That's just the ticket for interior circulation to keep the lockers dry Tom.
You also need to bring fresh air in and out of the boat.
I found some notes I made from the book:
You should work toward a complete exchange of air hourly so your ventilation system should be designed to flow
15 CFM per crew member (900 cubic feet per hour) plus the volume of the empty boat.
A 30 foot sailboat contains about 1000 cubic feet of air on average.
An occupied boat obviously requires more ventilation than an unoccupied boat. (We found our boat did just fine, unoccupied, in winter conditions with just one 4" solar exhaust vent running. We never close the intakes except in VERY heavy weather.)
Additional vents over the galley and head to carry away water vapor and odors are a good idea.
A 3 " Nicro Day/Night Solar Vent flows 600 CF per hour. The four inch model flows 1000 CF per hour. The exterior cover is the same size. Get the four inch model. They come with two fan blades and can be set up for intake or exhaust. On our boat, we think the intakes can be passive.
The problem we have had with these is that in high latitudes there is just not enough sunlight to keep them running in the winter when you need them most. Unfortunately, Nicro has discontinued the 12V model so we are looking for an alternative. (We have decided we need one more active exhaust vent)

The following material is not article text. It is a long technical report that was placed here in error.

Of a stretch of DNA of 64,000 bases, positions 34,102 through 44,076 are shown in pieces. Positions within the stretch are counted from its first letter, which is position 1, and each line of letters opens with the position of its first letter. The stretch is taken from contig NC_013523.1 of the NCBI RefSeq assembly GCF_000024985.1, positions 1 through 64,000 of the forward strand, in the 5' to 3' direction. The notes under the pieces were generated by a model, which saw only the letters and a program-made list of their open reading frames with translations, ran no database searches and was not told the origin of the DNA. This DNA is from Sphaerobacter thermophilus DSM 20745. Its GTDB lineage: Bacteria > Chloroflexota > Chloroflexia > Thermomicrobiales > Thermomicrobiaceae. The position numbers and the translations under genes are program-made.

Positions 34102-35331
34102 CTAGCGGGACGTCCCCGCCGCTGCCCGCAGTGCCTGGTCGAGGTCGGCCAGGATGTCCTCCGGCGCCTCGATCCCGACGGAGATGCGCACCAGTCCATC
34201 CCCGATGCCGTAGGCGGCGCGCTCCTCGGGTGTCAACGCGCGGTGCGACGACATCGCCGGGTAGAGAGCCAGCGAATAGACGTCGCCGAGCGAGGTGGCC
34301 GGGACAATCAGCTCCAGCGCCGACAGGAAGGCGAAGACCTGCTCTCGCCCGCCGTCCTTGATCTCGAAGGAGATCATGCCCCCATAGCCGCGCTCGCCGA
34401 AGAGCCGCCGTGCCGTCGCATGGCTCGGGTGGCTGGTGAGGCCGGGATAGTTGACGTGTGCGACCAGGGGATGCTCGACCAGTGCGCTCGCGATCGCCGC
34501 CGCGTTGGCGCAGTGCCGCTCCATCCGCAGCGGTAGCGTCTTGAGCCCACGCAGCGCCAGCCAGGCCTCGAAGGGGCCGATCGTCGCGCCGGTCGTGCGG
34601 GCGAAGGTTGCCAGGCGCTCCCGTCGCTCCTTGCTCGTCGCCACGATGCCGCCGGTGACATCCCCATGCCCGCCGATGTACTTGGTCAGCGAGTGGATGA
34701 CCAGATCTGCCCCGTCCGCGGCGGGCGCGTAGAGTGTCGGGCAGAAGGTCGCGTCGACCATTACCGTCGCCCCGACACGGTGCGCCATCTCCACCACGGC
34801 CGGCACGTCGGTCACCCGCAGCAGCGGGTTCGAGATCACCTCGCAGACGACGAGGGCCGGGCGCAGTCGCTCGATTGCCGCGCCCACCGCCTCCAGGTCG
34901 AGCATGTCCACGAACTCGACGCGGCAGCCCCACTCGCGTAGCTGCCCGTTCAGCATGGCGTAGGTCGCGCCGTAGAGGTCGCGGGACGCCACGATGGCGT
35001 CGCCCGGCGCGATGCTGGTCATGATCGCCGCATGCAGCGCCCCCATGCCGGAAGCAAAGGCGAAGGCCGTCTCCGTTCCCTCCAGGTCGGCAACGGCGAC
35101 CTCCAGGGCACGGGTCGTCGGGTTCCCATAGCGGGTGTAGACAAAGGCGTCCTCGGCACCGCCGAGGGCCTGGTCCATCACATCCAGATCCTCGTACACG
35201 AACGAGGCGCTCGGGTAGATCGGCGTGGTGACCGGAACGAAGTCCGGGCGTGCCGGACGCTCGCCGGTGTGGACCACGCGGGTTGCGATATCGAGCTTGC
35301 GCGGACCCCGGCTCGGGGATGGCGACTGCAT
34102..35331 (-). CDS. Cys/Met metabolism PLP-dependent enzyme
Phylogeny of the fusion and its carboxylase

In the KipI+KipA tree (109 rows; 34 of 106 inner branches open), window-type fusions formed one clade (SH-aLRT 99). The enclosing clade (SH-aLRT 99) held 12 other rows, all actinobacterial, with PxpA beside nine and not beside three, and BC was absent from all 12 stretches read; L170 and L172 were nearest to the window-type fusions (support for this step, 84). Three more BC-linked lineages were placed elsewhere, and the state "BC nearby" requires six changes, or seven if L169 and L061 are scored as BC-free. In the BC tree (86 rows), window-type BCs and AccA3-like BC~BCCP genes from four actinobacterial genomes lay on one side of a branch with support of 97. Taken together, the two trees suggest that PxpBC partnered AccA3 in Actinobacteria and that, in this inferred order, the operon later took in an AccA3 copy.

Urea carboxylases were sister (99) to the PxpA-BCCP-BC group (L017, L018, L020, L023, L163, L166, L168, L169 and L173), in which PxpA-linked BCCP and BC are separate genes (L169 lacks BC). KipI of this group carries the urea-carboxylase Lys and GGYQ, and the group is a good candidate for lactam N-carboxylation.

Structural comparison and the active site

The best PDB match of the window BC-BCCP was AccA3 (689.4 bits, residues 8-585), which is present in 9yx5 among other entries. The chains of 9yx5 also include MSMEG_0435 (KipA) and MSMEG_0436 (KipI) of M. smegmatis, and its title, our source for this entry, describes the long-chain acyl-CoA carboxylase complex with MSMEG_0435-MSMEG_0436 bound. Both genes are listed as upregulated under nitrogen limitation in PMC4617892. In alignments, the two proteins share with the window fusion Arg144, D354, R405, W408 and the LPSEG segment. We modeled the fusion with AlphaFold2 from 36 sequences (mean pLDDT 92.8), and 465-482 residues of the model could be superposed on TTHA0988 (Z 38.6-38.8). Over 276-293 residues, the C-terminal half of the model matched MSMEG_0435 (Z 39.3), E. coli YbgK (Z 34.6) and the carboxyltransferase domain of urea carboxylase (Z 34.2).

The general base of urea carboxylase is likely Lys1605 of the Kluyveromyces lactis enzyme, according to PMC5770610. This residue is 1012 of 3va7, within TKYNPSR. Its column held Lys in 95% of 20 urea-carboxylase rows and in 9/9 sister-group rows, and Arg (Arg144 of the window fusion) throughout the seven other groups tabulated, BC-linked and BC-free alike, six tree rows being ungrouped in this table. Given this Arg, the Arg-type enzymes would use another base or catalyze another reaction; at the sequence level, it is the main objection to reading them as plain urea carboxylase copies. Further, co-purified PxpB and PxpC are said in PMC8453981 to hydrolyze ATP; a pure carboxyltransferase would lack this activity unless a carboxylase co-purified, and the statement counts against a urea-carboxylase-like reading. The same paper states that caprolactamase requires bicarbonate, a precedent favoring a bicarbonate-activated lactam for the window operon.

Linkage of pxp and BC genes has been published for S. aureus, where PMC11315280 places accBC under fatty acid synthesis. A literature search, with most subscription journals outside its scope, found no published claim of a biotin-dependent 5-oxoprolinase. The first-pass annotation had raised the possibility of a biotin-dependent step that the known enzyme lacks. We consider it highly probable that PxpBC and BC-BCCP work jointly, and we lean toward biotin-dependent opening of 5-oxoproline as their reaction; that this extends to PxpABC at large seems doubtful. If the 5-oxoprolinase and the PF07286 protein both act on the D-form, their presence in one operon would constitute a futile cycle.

Comment: When we talked about this with people in the Pacific Northwest they always asked if we hadn't had a problem in Hawaii where it is supposed to be so humid. The answer is "No". In Hawaii, we always set up a full length awning over the boat and opened the hatches (Pictures and article
). The trade winds flowed through the boat and she was always bone, dusty dry. The mold and mildew problem we found in the high latitudes caught us completely by surprise. We were astonished at how wet the inside of our boat was when we closed her up to keep warm. As always, we learn as we go however. We bought dehumidifiers, we insulated and, finally, we ventilated. Now we are better prepared and more comfortable...
...even with the cold rain that is beating down on the coach roof as I type this.